Round-up of general stuff

WallflowerWallflower and Dublin Theatre Festival
The Dublin Theatre Festival is up and running, and while the programme isn’t as intimidatingly huge as the Fringe Festival there is still lots to see. There’s great new work from Irish companies like Pan Pan, Rough Magic, Rise Productions and Thisispopbaby. As well as great international work from Britain, France, Belguim and Denmark.

Last Thursday I saw Wallflower by Manchester based company Quarantine. In this show, the performers are trying to remember every dance they ever danced. Each dance is logged and as of last week, they had danced over 800 dances at an average of 22 dances an hour. It’s a show about memory and dancing and how a person changes. There are lots of personal stories mixed in with the dances and the dances they remembered are different every night. I really enjoyed it. I was lucky enough to see it again on Friday night as a volunteer and it was really interest to see what stays the same for each show, and how it is structured and shaped.

I also saw The Night Alive on Saturday night which is dark and funny and feels very Irish.

Dead Like Me

DeadLikeMe
I was delighted to find Dead Like Me on Netflix when I joined a couple of month ago. I just finished re-watching it last week and enjoyed it immensely. It’s about an 18-year old girl called George who dies and becomes a grim-reaper. She’s having a hard time letting go of her old life, and accepting that she’s dead but still has a job to do. She has a bunch of grim-reaper co-workers and a stern but kindly boss played by Mandy Patinkin who sometimes wears excellent cardigans.

Rube
Mandy Patinkin as Rube

George is wonderfully grumpy and understandably pissed off with the world. She’s also probably the only inner monologue/narrator on tv that I haven’t found incredibly irritating after about three episodes.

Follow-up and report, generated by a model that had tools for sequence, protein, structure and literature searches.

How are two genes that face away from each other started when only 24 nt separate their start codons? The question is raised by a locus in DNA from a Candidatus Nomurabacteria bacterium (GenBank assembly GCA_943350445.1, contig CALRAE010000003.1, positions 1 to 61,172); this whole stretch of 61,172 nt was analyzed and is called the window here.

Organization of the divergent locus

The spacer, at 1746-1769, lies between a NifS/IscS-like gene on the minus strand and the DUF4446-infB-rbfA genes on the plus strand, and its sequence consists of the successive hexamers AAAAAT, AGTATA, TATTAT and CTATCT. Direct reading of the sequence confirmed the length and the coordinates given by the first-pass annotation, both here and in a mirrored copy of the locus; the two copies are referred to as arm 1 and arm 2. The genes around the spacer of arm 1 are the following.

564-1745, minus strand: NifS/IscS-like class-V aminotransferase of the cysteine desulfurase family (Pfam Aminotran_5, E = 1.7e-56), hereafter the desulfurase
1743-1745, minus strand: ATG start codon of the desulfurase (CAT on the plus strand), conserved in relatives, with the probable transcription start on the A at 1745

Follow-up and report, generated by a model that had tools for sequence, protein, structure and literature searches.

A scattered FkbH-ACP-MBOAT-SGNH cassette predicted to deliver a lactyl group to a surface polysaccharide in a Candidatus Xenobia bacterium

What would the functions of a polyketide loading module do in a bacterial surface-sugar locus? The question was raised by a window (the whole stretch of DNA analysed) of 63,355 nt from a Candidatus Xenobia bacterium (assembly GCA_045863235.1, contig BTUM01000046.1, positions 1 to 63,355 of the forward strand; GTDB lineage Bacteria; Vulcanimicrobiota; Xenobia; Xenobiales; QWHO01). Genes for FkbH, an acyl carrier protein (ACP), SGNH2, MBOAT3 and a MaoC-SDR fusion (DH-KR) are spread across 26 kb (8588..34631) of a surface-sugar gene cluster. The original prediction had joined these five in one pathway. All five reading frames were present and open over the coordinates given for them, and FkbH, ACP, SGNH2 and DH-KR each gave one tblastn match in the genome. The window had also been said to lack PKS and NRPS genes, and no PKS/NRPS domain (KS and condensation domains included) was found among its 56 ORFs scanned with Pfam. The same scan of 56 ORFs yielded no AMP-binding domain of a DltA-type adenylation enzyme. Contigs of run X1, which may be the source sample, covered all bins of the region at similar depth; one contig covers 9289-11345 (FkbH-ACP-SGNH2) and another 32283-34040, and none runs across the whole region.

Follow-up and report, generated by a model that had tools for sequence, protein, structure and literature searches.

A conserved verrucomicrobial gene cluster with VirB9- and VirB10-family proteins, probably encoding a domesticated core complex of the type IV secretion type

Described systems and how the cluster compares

It’s created by Bryan Fuller who also wrote Wonderfalls, Pushing Daisies and is currently working on a show called Hannibal. It’s funny and sad and deals with grief and loss and trying to figure out your place in the world. When I first watched it I had recently finished college for the first time, and felt a kinship with George as she tried to figure out her new life. Ten years later not much has changed; I’m still trying to work out what I want to be when I grow up and wondering if it’s better to follow the path or bend the rules. I still want to eat breakfast in Der Waffle Haus. I enjoyed it just as much the second time around and recommend it highly. It’s my kind of show – funny, dark and just the right amount of heart-warming.

March for Choice

I’ve already written about a bit about this already but the March itself was truly magnificent. The speakers were angry and fierce and informative and moving. The sun shone and the crowds were massive. It was the top item on RTE news that night, which is a first and something to be celebrated. It is so galvinishing to be part of something that big and that joyful. We need to keep up the momentum as the General Election gets closer and talk to every politician possible about this issue. Tell your TD!

There’s also a very nice write-up by Lynn Enright over on The Pool.

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